Delegation Process
    The 5-Step Delegation Process
  3. Define the Responsibility – when discussing it with the nominee(s) ask them to summarize what they have understood that you want them to do – this will quickly highlight any discrepancies or misunderstandings before they can become problematic.  Check that they are prepared for this responsibility and are committed to completing it within the scope and timeframes that you have determined.  You also need them to be clear on your expectations as regards their completing this task and the associated results and outcomes.
  4. Completion – do you want them to complete the task in full, or only in part, before they report back to you on progress made.  If it is an area in which they have little experience, or you have a low level of trust in their ability to do so, then get them to complete the first part before reporting back to you.  This gives you a checkpoint to ascertain how they are progressing, what further guidance is necessary, and if they can be left to their own devices to complete the task.
  5. Review – establish regular times for reviewing their progress.  If you are uncertain of their capabilities then you may have multiple review points during the work on the task, or you may ask them to report back once it has been completed if you have high confidence in them.  Reviews should be short and you must ensure that the responsibility for the work stays with the nominee(s), otherwise you will find the work delegated back to you!

By breaking the delegation process into these 5 simple steps it makes it easier for you to delegate, for those delegated to understand what they need to do and what is expected of them, and for the work to be done in a controlled manner which allows people to grow and develop without being micro-managed.  Use this with your people and see how much time and effort you free up for yourself, and how your people work more effectively.

We look further at delegation in the following article, How To Manage Those Delegated To.

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Using the Leadership/Management Matrix to Develop Your People

Leadership and management may complement each other, but they are very different

So which is more important, management or leadership? This is not the right question to ask, rather the question to ask what is the balance between management and leadership that you need to have? To answer this, you need to at what role each plays. Management ensures the stability and efficiency necessary to run today’s business reliably. Leadership creates the change needed to take advantage of new opportunities, to avoid serious threats, and to create and execute new strategies. The point is that management and leadership are very different, and when organizations are of any size and exist in environments which are volatile, both are essential to helping them win.

The Leadership/Management Matrix

The management/leadership matrix show what happens when you have weak or strong leadership interacting with weak or strong management.  The four quadrants are:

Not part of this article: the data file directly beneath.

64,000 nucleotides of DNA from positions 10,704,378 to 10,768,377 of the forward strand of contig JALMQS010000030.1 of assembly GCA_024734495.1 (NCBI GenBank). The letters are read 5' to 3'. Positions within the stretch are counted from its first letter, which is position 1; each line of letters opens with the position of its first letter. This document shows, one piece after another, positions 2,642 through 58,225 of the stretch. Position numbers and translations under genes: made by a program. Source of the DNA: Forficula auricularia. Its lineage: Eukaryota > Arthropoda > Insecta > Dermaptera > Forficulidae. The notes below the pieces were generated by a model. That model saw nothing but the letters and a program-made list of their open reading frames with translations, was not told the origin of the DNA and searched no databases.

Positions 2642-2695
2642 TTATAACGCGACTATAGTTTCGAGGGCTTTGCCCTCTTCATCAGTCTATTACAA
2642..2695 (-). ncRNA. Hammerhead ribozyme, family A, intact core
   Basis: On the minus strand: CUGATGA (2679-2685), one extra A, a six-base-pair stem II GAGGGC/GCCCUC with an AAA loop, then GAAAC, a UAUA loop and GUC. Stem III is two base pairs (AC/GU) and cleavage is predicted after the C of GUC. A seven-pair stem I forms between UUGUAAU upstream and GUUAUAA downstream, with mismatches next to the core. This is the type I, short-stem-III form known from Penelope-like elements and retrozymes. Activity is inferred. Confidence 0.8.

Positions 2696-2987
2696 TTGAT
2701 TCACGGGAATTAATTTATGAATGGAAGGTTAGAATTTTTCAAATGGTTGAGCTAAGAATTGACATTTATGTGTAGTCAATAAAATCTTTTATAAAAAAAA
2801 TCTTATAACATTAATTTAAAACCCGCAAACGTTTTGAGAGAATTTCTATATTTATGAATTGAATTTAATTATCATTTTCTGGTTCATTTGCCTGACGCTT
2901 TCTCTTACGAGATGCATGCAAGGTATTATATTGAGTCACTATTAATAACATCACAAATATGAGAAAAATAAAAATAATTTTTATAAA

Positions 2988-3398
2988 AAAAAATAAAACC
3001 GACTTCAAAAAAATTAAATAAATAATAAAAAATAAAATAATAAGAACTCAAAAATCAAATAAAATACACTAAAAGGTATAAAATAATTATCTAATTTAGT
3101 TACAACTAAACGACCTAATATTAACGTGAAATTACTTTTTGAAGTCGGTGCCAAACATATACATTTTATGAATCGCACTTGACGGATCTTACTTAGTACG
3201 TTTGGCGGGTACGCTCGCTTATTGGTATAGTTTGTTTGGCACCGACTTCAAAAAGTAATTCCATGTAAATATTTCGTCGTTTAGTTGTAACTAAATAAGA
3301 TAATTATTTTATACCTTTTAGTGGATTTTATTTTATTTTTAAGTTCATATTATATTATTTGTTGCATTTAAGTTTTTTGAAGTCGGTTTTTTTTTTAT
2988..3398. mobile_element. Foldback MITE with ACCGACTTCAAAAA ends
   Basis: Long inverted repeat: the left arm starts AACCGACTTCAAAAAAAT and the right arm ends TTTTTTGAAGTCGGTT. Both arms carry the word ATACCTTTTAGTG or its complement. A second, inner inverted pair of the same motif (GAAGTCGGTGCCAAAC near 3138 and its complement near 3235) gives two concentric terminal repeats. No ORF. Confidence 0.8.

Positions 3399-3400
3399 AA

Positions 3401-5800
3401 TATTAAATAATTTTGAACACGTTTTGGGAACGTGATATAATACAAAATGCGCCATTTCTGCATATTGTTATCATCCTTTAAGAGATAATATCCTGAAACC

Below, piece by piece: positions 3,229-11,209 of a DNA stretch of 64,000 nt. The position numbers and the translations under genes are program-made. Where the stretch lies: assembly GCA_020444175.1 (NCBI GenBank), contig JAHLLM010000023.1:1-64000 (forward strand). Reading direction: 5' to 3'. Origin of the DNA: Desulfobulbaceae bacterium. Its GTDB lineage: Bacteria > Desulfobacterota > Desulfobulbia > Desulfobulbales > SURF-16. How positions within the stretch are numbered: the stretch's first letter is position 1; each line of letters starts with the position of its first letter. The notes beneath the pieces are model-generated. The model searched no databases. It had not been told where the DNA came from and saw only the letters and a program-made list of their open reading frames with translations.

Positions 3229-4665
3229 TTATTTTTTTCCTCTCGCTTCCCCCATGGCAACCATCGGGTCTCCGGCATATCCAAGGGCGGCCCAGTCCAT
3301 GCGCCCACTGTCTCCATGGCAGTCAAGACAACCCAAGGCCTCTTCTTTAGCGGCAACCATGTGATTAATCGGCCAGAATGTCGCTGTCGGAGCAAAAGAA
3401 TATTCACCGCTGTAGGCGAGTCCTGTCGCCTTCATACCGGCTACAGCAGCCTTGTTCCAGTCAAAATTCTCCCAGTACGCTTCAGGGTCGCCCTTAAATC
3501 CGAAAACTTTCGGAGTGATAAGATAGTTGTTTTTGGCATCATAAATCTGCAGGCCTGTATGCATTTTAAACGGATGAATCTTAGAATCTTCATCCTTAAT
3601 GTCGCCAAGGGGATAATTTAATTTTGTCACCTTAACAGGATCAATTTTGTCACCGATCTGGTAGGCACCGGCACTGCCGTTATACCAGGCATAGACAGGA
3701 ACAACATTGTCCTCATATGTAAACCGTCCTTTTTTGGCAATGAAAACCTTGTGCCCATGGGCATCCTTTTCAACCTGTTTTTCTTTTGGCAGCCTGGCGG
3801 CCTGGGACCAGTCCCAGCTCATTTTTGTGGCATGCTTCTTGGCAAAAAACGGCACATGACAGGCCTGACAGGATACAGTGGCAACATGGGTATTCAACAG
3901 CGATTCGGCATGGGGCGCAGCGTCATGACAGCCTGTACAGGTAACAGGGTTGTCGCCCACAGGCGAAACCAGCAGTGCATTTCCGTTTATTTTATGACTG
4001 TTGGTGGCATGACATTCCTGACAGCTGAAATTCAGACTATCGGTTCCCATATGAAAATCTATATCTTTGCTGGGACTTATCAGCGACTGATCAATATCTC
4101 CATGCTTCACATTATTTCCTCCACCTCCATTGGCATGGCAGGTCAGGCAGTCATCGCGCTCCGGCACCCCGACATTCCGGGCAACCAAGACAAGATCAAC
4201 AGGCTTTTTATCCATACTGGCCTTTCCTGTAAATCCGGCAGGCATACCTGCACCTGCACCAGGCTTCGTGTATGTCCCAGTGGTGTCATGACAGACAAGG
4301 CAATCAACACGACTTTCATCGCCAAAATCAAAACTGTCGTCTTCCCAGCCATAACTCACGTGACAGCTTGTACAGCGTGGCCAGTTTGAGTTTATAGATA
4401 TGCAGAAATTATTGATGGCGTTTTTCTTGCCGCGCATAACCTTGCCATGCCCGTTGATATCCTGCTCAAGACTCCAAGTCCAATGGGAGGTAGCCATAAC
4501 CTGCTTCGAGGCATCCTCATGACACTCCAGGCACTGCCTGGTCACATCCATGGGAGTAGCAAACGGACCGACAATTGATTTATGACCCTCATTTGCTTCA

• Doomed – weak management, weak leadership.  Here the business is run inefficiently and with no clear direction to guide and align people’s efforts, decisions and the allocation of resources.  People are not inspired or motivated to achieve high-performance, and the business is losing to its competitors.  The business is unlikely to survive beyond the short-term.
  • Innovative – weak management, strong leadership. Here the business is able to adapt quickly and effectively, but there is insufficient management and associated skills in place to drive stability, efficiency and to create the necessary order to manage the resulting complexity and create order from which to build.
  • Well run but bureaucratic – strong management, weak leadership.  Here the business is well-structured and managed; it works efficiently which is good while the status quo exists.  However, in an environment of change it finds itself relatively rigid and inflexible with its existing bureaucracy and organization being unable to adapt effectively.  This can expose the business with existing strengths potentially becoming major liabilities, potential competitors going unrecognized or changes in customer needs going unmet.
  • Well run and innovative – strong management, strong leadership.  Here there is a healthy balance of management and leadership skills and capacity.  The business has a clear direction around which everyone and all actions are aligned, people are inspired and motivated, and as a result they work both efficiently and effectively.  They are competitive, adaptive and have the right mix of skills, capacity enabled by a strong business culture which supports the people in their work.

Look at this matrix and, for you and your team, assess their level of management and their level of leadership.  People do not need to be a manager or a leader per se, nor is it about their position in their hierarchy. Rather it is how good they are at delivering on and exemplifying the attributes got management and leadership (see the table below for ideas).

Score yourself and each of your team members on leadership and management using the following scoring range of 0 (very weak) to 10 (very strong).  The two scorings will give you each individual’s relative positioning and your own.  A good idea is to assess people yourself, then get them to self-assess, and then to share your respective findings and discuss the differences/similarities. This is a good tool to identify where and how an individual needs to develop their management and/or leadership skills. This can then be used in helping put together their personal development plan.

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Share your thoughts and ideas here, or email me at andrew.cooke@business-gps.com.au

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Click here to find out more about Andrew Cooke and Growth & Profit Solutions.